On the ground, and in the Tuskegee clinical literature, poor communities of the rural South were thus transformed into nonmodern enclaves that existed in a natural state, apart from the nation-state and beyond the jurisdiction of modern medicine. Such characterizations, of course, obscured the systematic withdrawal of resources from the post-Reconstruction South, removed blackness from modernity, and used — but not did not serve — southern black communities in the quest for establishing the centrality of the United States to a global scientific-technological modernity. In this way, Tuskegee's naturalization of socioeconomic inequalities, paired with the merging of black bodies with the southern environment, effectively resignified the commodifiable, exploitable enslaved body — or what Hortense Spillers refers to as captive "flesh," upon which anything can be done — for postslavery scientific modernity. As under slavery, New South discourse and initiatives, from business journals to the showcasing of black talent at world's fairs and expos within and outside the United States, offered up black workers to the North and to emerging global labor markets as "natural resources," akin to and wedded to the rest of the exploitable South. And as the history of the Tuskegee experiments demonstrates, if black southerners weren't able to work because they were ill or otherwise incapacitated, they would be put to "use" in other ways, in the name of science and life itself.


Although public health intervention in the southern states focused primarily on urban spaces, the rural plantation became a site of legitimate concern for the medical establishment by the mid-nineteenth century. James H. Cassedy marks the 1840s as the period in which "plantation hygiene" took shape in the context of the growth of medical topography, the rise of geological surveying, the establishment of the American Medical Association, the enthusiasm generated by sanitation reform in the North, and the increase in medical journalism in the South. Observers of the period believed that disease emanated from recently cleared land: since the turning of soil was believed to unearth unhealthy elements, medical authorities encouraged planters to build their plantations quickly in order to counteract or minimize disease conditions. Experts directed planters to keep the entire architecture of the plantation, including the "culture of soil, building, drainage, ditching, and manure making," as organized as possible, since disordered plantation geographies were thought to engender disease. Plantation organization in the nineteenth century was, therefore, tightly conjoined with healthfulness: the ordered plantation, in these discourses, itself becomes the cure, the picture of health in the antebellum South. The plantation was figured as a kind of biopolitical institution of health management early on, as planters sought to keep an entire ecology of slaves, crops, animals, and environmental factors in a salubrious order.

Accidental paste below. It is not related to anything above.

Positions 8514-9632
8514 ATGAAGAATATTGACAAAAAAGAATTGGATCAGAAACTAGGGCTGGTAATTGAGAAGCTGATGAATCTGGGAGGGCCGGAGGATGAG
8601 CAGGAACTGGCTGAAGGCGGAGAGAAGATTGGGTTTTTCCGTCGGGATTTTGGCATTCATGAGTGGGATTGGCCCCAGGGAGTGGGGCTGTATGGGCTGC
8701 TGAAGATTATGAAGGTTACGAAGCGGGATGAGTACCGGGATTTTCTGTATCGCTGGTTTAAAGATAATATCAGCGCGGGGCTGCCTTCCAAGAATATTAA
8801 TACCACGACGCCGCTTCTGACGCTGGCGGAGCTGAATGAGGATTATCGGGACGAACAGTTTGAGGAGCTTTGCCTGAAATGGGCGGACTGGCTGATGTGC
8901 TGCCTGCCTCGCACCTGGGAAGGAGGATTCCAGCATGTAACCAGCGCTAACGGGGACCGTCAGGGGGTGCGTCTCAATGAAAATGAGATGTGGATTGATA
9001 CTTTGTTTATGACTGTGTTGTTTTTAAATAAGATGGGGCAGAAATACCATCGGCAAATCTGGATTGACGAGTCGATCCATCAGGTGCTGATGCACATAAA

Just as the industrial factory was modeled on the colonial plantation, the plantation emerged at the frontier of biopolitical innovation, as an institution "where[in] certain subjects became objects of knowledge and at the same time objects of domination," but were transformed into such in the name of "health" and "life." In the postbellum plantation South, African American labor could be separated from a concern with the body in a way that was impossible under the auspices of a plantation system that needed to keep an internal ecology of crops and enslaved laborers in balance to maximize profit. Of course, slavery was in no way a humane institution that properly cared for slave health, but it is crucial to draw attention to the important role of sickness management in the day-to-day operation of antebellum plantations. Such regimes of plantation soundness established a kind of governance over African American subjects in the South that seemed to have become obsolete with emancipation. However, industrial schools and other training sites that were established for the education of ex-slaves effectively reanimated systems of health management in order to incorporate black subjects back into the coercive labor structures of the New South and into emerging regimes of biopolitical governance. Houston Baker has written on the ways in which particular institutions in the postwar South worked to confine African American subjects within "plantation arrangements" into the twentieth century. Tuskegee serves as his prime example. Indeed, Tuskegee's success in propelling such plantation arrangements was due in large part to how health management at "Mr. Washington's plantation" stood central to the school's practices and pedagogies. New South institutions picked up where the plantation left off: continued interest in maintaining the health of an institutional environment enfolded the bodies of black subjects — not just their labor — back into intimate structures of the New South economy. As in so many plantation environments under enslavement, Tuskegee's management personnel were concerned with keeping the health of an entire institutional ecology in balance.